Title: Adding an index method to tuples
Type: enhancement Stage:
Components: Interpreter Core Versions: Python 3.0, Python 2.6
Status: closed Resolution: out of date
Dependencies: Superseder:
Assigned To: Nosy List: josiahcarlson, loewis, pboddie, rhettinger
Priority: normal Keywords: patch

Created on 2007-04-08 14:35 by pboddie, last changed 2008-02-07 06:25 by rhettinger. This issue is now closed.

File name Uploaded Description Edit
tuple_index_26.diff pboddie, 2007-04-08 14:35 Patch adding tuple.index to the trunk
Messages (8)
msg52400 - (view) Author: Paul Boddie (pboddie) Date: 2007-04-08 14:35
This is just a simple copy and paste from the list implementation - not exactly the most elegant solution, but perhaps a demonstration that technical limitations aren't the reason why the tuple doesn't have an index method. I suppose a common sequence function library would be best if such a feature were eventually deemed compelling.
msg52401 - (view) Author: Josiah Carlson (josiahcarlson) * (Python triager) Date: 2007-04-09 16:24
Adding an .index method to tuples suggests that a tuple is more or less an immutable list.  This is not the case.  Typically tuples are used to hold disparate pieces of information of different semantics and types, where as a list typically contains a list of a single type with identical meaning.  For examples we merely need to look at the outputs of str.partition and str.split .

Suggested close.
msg52402 - (view) Author: Raymond Hettinger (rhettinger) * (Python committer) Date: 2007-04-09 17:08
FWIW, I am no longer satisfied with the pat answer that "tuples are not immutable lists" or the "lists for for homogenous data, tuples are for hetrogenous data".

Whether tuples should grow index() and count() methods should depend solely on whether real use cases arise often enough to warrant the new methods being added.

Another consideration is that this feature request and discussion comes up so often that it may be worthwhile just to give-in to conserve our limited resources of time and brain-power.
msg52403 - (view) Author: Paul Boddie (pboddie) Date: 2007-04-09 19:51
See here for a recent extension of the discussion:

For what it's worth, bypassing the dogma, methods like index and count on tuples are not exactly compelling in many situations (as I've pointed out before), but such issues should hardly derail the core development effort. If people consider such methods useful and if it diminishes perceived inelegance without method proliferation, just add them: people will be less frustrated and feel listened to; the language will become more regular.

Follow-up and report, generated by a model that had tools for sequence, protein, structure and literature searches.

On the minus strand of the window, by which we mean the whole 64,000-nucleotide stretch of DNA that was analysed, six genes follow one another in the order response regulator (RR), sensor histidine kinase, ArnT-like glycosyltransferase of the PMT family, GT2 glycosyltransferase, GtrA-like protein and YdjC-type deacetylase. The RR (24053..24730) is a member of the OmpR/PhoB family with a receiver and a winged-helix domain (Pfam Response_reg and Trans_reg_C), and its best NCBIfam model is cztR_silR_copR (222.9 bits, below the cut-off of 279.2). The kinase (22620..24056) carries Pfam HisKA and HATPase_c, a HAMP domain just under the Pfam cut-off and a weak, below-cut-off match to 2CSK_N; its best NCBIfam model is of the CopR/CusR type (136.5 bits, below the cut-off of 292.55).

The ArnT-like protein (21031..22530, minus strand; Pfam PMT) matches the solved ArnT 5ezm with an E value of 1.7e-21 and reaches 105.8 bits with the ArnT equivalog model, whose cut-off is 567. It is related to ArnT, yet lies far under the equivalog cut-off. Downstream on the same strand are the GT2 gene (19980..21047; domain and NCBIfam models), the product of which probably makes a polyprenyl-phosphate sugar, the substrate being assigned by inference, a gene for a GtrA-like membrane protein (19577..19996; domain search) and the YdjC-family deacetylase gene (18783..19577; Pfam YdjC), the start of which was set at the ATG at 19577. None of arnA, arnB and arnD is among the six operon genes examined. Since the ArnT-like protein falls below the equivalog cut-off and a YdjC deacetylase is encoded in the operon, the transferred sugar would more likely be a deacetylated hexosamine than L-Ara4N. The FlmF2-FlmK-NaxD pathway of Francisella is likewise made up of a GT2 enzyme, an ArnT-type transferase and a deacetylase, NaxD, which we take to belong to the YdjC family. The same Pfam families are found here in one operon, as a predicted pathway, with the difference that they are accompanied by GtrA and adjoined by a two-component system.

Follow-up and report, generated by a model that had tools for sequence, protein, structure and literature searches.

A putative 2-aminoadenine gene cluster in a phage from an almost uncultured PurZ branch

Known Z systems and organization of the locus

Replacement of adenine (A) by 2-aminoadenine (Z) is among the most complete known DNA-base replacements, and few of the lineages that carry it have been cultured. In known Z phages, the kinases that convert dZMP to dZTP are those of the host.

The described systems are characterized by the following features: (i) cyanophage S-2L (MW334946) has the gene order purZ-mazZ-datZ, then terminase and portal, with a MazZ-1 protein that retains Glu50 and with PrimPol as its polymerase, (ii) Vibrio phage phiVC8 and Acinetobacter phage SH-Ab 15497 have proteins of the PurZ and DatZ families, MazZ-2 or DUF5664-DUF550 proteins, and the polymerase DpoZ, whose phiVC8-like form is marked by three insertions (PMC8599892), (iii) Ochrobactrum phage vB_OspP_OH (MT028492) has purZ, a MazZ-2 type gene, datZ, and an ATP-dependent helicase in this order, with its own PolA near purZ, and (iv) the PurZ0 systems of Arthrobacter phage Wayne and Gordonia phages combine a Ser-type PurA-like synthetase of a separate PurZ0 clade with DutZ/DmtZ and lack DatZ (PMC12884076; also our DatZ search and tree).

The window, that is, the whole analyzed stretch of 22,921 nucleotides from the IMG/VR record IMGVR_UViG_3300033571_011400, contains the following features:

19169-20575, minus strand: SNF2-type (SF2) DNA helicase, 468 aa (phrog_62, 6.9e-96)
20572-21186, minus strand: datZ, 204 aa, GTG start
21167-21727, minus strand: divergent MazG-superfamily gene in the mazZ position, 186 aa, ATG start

The only downside is any additional memory consumption. Objections related to what such methods mean, or what a tuple itself should be taken to mean, risk venturing into dogma and a consequent time-consuming discussion which takes 100 times the effort of just getting stuff done. Just look at the referenced thread (and the others of recent times) for example material.
msg52404 - (view) Author: Josiah Carlson (josiahcarlson) * (Python triager) Date: 2007-04-09 20:06
I wouldn't be averse to adding utility functions to some module where it would make sense.  Generally, I would say collections (it has a deque and default dictionary already), though there is already a proposed constructor called 'count' that returns the counts of all items in a sequence as a default dictionary (requiring that the items all be hashable).

The reason I'm not against utility functions is because then they would be usable for 3rd party non-list, non-tuple sequences, or even usable in cases like 'a = array.array(...); i = index(a, value)'.
msg52405 - (view) Author: Raymond Hettinger (rhettinger) * (Python committer) Date: 2007-04-09 20:41
Adding a utility function for this is silly.  Don't ignore the obvious, simple solution.  If a type *needs* a method, add it.  If not, don't. 

Also, the collecitons module should be about collections, not a dumping ground for random utility functions.
msg52406 - (view) Author: Martin v. Löwis (loewis) * (Python committer) Date: 2007-04-14 07:42
This patch is not acceptable in its current form, because it does not include test suite and documentation changes.

Furthermore, as the objective seems to be consistency across collections, I would say that the patch should either add both count and index, or none at all. Even with that added, the collections would still not behave consistently: strings have many more linear-search methods (.rindex, .find, .rfind).
msg62136 - (view) Author: Raymond Hettinger (rhettinger) * (Python committer) Date: 2008-02-07 06:25
Py2.6 and Py3.0 now how have tuple.index() and tuple.count().
Date User Action Args
2008-02-07 06:25:40rhettingersetstatus: open -> closed
resolution: out of date
messages: + msg62136
2007-09-20 16:42:42georg.brandlsettype: enhancement
components: + Interpreter Core, - None
versions: + Python 2.6, Python 3.0
2007-04-08 14:35:47pboddiecreate